Could greening reduce violent crime in Baltimore?

In light of the ever-increasing Baltimore murder rate, Mayor Catherine Pugh and gubernatorial candidate Ben Jealous took to the streets of West Baltimore last week for an anti-violence walk. As reported by The Baltimore Sun, their conversation included discussion of policy solutions to address violence, including gun courts and Safe Streets. There is another tool, however, that continues to be underused by City Hall and the state: greening vacant lots through the planting of grass, trees and other plants – then maintaining them.

While the idea lacks the powerful connotations of gun courts, it is a proven, effective strategy. Researchers at the University of Pennsylvania conducted a quasi-randomized controlled study in Philadelphia that looked at the effects of greening vacant lots on gun violence. The lots were cleared of trash and debris and greened, and a low, open fence was constructed around the perimeter to help prevent dumping. Furthermore, the lots received regular maintenance.

Neighborhoods that received the intervention had statistically significant decreases in gun violence.

The benefits, however, go further. In another nearly identical study that was recently published in the Journal of the American Medical Association, residents in Philadelphia neighborhoods with the intervention experienced significant improvements in mental health. Feelings of depression declined by approximately 42 percent, and self-reported poor mental health went down by nearly 63 percent.

Gov. Larry Hogan launched project CORE in 2016 as a means to address violent crime in Baltimore by tearing down nearly 4,000 blighted, vacant row homes. Their lots, however, remain. For residents living near vacant lots, the lack of maintenance is a constant frustration and detriment to their neighborhoods. It is often near these lots that we witness the drug dealing and crime that takes place in our communities.

In my own neighborhood in West Baltimore, we are left repeatedly petitioning 311 to cut the grass and remove trash. Due to frustrations with the long delays in maintenance by the city, our neighborhood association purchased its own lawn mower. While voluntarism has its benefits, the task of maintaining all the vacant lots in our community is beyond us. Indeed, the problem of maintenance of green spaces in West Baltimore goes beyond just vacant lots.

There are areas on the northern edge of Druid Hill Park that have years of trash hidden beneath the tree canopy. And residents in the communities along Gwynn’s Falls Parkway bear witness to decades of neglect of a piece of landscape architecture that is considered a local landmark. The Baltimore Green Network Plan, which will hopefully be adopted by the city this year, is a step forward in addressing these problems, though it is without funding.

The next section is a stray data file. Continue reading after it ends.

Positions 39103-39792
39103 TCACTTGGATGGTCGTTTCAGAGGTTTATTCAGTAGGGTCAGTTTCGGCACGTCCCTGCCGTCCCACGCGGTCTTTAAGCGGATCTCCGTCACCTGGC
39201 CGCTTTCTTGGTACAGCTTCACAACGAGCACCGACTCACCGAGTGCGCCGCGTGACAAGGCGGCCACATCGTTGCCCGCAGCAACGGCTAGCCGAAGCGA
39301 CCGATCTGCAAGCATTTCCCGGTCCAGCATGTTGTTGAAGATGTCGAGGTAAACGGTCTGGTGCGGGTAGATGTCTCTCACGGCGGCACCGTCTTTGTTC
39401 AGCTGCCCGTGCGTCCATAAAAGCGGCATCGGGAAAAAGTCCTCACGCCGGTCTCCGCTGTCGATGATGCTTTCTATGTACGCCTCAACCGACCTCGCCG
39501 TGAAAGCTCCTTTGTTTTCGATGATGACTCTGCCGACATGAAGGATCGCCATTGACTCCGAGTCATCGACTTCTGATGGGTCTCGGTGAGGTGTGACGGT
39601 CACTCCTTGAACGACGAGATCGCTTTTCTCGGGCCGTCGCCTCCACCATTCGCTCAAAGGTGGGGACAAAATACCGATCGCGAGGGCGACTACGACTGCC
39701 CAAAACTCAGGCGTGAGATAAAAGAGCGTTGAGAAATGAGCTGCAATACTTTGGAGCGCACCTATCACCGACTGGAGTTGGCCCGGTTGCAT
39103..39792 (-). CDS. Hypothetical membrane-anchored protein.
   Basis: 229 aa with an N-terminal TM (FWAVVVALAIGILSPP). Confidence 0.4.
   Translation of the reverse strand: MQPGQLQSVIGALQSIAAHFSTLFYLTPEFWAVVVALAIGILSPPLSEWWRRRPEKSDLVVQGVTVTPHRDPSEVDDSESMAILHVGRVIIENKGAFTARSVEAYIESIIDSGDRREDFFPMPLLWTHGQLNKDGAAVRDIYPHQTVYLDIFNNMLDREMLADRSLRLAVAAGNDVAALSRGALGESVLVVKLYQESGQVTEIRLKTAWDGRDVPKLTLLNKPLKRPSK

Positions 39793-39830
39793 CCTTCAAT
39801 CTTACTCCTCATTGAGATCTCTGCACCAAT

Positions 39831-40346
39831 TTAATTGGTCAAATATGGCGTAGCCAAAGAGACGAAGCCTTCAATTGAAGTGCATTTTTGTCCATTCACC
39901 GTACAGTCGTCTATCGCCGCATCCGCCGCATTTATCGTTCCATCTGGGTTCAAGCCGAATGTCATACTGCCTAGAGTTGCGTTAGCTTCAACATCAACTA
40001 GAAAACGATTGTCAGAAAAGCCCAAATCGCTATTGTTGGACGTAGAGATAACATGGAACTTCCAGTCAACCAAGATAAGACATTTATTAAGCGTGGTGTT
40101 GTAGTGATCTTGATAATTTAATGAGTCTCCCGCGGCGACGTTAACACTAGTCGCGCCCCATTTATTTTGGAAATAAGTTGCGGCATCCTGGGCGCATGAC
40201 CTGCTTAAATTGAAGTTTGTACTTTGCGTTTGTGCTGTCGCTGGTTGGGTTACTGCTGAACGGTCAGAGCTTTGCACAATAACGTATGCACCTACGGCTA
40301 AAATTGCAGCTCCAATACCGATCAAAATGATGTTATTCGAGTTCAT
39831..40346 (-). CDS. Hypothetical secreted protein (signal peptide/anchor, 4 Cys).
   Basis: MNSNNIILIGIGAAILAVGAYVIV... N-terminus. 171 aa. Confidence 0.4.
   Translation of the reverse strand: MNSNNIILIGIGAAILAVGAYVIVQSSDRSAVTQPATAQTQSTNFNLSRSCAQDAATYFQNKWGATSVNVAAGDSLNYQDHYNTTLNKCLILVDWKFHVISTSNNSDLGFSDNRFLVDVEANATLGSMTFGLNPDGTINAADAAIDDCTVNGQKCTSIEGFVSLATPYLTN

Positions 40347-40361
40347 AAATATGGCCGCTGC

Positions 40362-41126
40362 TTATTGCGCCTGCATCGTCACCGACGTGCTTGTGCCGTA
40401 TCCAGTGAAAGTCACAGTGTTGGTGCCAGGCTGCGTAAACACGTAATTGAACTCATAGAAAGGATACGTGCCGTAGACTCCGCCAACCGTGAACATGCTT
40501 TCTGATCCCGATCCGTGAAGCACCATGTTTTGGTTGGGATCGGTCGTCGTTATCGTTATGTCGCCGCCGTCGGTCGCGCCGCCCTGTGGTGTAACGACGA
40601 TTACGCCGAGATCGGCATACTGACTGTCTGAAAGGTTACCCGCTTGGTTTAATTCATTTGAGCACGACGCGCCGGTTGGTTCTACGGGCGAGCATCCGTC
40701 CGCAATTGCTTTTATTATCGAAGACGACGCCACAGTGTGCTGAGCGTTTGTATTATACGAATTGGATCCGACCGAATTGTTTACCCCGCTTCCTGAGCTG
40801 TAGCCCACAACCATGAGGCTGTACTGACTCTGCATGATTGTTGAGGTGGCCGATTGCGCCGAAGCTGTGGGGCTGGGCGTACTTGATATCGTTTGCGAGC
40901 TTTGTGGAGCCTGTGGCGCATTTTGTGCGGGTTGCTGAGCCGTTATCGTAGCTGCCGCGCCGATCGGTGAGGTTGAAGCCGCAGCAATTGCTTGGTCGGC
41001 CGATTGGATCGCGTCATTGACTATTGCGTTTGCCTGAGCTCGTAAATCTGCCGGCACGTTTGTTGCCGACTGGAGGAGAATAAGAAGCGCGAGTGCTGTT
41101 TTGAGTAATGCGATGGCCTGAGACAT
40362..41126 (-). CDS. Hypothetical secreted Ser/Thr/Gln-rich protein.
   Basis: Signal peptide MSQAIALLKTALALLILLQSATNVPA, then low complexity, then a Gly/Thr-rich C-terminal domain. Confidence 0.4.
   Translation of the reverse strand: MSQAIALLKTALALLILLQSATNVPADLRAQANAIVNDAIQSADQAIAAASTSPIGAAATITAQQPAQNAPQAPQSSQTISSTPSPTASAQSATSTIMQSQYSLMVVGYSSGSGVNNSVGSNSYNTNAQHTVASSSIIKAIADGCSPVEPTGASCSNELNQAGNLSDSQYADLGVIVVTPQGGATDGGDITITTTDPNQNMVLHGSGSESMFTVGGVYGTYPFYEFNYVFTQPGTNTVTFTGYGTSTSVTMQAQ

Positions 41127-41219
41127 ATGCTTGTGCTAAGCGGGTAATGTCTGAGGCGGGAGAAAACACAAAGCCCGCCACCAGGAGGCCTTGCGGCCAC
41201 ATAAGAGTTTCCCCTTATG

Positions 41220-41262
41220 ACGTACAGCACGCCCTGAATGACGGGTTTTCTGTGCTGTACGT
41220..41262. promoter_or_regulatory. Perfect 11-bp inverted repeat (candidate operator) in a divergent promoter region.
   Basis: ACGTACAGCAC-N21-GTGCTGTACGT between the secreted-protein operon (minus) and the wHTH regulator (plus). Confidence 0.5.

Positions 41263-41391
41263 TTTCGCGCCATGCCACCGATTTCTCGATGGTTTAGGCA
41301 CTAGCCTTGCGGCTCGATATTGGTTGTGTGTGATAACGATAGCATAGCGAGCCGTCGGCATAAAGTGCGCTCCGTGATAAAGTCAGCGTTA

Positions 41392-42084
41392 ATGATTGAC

Greening vacant lots and maintaining green spaces may be tools to help prevent violence in Baltimore, but like our own experiences with oil changes or a trip to the dentist, prevention is not glamorous. The same is true about prevention on a governmental scale, meaning it often gets low priority. For example, Baltimore is willing to pay the police department $21 million in overtime for combating crime that has been committed but appears unwilling to spend the money to create a sustainable, funded mechanism for the improvement of vacant lots and maintenance of green spaces that would help prevent crime in the first place.

Certainly, no single intervention is sufficient to address violent crime in Baltimore. A successful strategy to combat violence requires both prevention and the enforcement of law. We cannot merely green and maintain our way to a lower murder rate. However, there is value in using evidence-based policies that focus on prevention as they often have significant returns on investment. In fact, there is convincing evidence that the greening and maintenance intervention described above is affordable, scalable, reproducible and high-value.

The mayor and gubernatorial candidates care about violence in Baltimore. They are discussing the issue. The solution to the violence, however, will not be found in the courts or in a single program. It will be found in building strong communities, neighborhoods that are composed of people and their places. The research above demonstrates that investing in the maintenance of the places where the people of West Baltimore live would yield diverse improvements in the safety, health and wellbeing of the people who live there.

Dr. Daniel Hindman (dhindma1@jhmi.edu) is a fellow at Johns Hopkins in the Division of General Internal Medicine.

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